Beware of scams: Have you ever heard the one, about some poor old lady who gets a letter in the post telling her that she’s won the Spanish lottery and all that she has to do to claim her winnings is send her account details so that they can transfer the money into her account. The old lady clearly excited proceeds to send her details, fully expecting to become rich very soon. But the reality is that she has been scammed, they've now got her account details, so they proceed to drain her account of every last penny. It’s probably one of the most despicable things that you can think of, but unfortunately it’s something that happens all too often.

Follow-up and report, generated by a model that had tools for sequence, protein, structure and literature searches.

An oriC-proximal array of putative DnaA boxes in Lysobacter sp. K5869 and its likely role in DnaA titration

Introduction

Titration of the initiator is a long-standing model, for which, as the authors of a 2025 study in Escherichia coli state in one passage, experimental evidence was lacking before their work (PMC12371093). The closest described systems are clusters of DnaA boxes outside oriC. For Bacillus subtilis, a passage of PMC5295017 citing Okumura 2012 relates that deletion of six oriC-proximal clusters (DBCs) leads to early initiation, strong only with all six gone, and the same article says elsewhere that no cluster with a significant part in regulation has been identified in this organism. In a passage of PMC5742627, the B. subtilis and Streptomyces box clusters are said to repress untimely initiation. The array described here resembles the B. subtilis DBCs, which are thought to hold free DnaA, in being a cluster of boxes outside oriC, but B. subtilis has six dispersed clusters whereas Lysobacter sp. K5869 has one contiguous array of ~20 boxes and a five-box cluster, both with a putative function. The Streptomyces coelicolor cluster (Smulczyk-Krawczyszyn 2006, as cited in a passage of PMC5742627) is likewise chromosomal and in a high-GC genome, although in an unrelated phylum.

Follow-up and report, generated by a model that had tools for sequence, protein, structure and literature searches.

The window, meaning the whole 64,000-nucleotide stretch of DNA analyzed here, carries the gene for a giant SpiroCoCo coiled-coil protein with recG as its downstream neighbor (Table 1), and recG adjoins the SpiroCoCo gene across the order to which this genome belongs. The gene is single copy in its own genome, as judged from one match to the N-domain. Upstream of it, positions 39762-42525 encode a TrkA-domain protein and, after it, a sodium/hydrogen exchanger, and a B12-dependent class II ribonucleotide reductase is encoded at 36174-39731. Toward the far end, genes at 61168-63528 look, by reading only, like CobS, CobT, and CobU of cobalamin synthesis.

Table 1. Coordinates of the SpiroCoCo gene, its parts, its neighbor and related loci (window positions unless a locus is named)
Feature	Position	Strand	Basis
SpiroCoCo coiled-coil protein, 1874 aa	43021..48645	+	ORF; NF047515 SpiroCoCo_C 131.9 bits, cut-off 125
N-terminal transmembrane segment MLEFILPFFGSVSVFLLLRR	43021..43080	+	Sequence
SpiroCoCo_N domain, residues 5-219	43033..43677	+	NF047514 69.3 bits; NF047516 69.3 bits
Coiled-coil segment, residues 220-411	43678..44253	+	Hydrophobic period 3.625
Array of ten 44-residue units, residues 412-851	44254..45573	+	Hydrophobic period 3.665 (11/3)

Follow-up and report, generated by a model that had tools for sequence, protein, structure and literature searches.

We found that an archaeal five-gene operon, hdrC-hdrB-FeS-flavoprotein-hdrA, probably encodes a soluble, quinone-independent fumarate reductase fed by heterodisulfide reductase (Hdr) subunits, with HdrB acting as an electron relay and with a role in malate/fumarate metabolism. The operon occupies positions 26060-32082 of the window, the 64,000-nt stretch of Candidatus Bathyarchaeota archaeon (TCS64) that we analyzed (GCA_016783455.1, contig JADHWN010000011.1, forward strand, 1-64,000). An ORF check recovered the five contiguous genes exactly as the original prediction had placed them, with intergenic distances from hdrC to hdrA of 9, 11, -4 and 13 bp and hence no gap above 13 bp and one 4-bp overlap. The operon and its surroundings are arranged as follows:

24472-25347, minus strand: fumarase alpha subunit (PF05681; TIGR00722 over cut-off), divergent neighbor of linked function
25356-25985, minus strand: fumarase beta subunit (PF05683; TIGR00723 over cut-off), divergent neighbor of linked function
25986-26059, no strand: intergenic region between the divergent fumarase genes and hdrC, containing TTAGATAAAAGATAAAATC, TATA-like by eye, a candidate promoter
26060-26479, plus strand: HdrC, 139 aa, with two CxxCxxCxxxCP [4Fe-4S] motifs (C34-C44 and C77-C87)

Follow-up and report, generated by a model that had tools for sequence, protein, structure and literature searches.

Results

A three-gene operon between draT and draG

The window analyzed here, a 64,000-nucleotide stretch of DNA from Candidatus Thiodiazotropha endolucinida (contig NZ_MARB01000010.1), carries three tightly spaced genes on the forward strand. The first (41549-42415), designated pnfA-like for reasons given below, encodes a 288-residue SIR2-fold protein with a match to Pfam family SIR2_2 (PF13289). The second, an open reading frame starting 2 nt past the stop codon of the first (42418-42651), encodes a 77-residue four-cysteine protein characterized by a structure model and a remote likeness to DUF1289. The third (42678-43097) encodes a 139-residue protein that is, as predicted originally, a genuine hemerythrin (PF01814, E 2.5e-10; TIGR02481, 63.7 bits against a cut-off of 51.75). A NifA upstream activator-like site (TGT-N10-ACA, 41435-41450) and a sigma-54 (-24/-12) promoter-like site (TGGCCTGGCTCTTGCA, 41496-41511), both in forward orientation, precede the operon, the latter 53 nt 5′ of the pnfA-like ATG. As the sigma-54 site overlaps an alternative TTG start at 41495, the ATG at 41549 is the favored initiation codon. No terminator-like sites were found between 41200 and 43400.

On eBay, you may think you are safe from such things, or at least I did. But sadly this is just not the case. I recently dodged a very expensive and apparently very common bullet. I was trying to sell a relatively expensive watch priced at around 65 pounds; astonishingly I received a message within minutes of listing the item, saying they were interested in it and asking me how much it cost. I wrote a quick reply, stating the price and didn't think any more of it. Several hours later, I got a reply asking whether I would be prepared to sell the item for 70 pounds, my eyes lit up straight away, I agreed and sent a message back asking for a delivery address. I must admit my eyebrows rose when I read that the address was in Nigeria, I had heard of scams coming out of Nigeria before. But I decided to be open-minded, and not to allow prejudice get in the way of business: ‘This one could be genuine,’ I thought to myself. Next, I received an email from ‘PayPal’ stating that they had debited the buyers account, but needed me to dispatch the item, and then supply a shipment reference number, before they could credit my account. Somehow, at this point I still hadn't cottoned on to the fact that I was being scammed. I actually checked my PayPal account, and found no record of payment. But still, like a half dazed imbecile I asked my mom to send the watch, even stressing to her to keep the receipt, where this shipment reference number is apparently found. Fortunately, the local postmaster was both switched on and also very honest, and as soon as he saw the Nigerian address, he told me mom straight that she was being scammed and refused to send the parcel.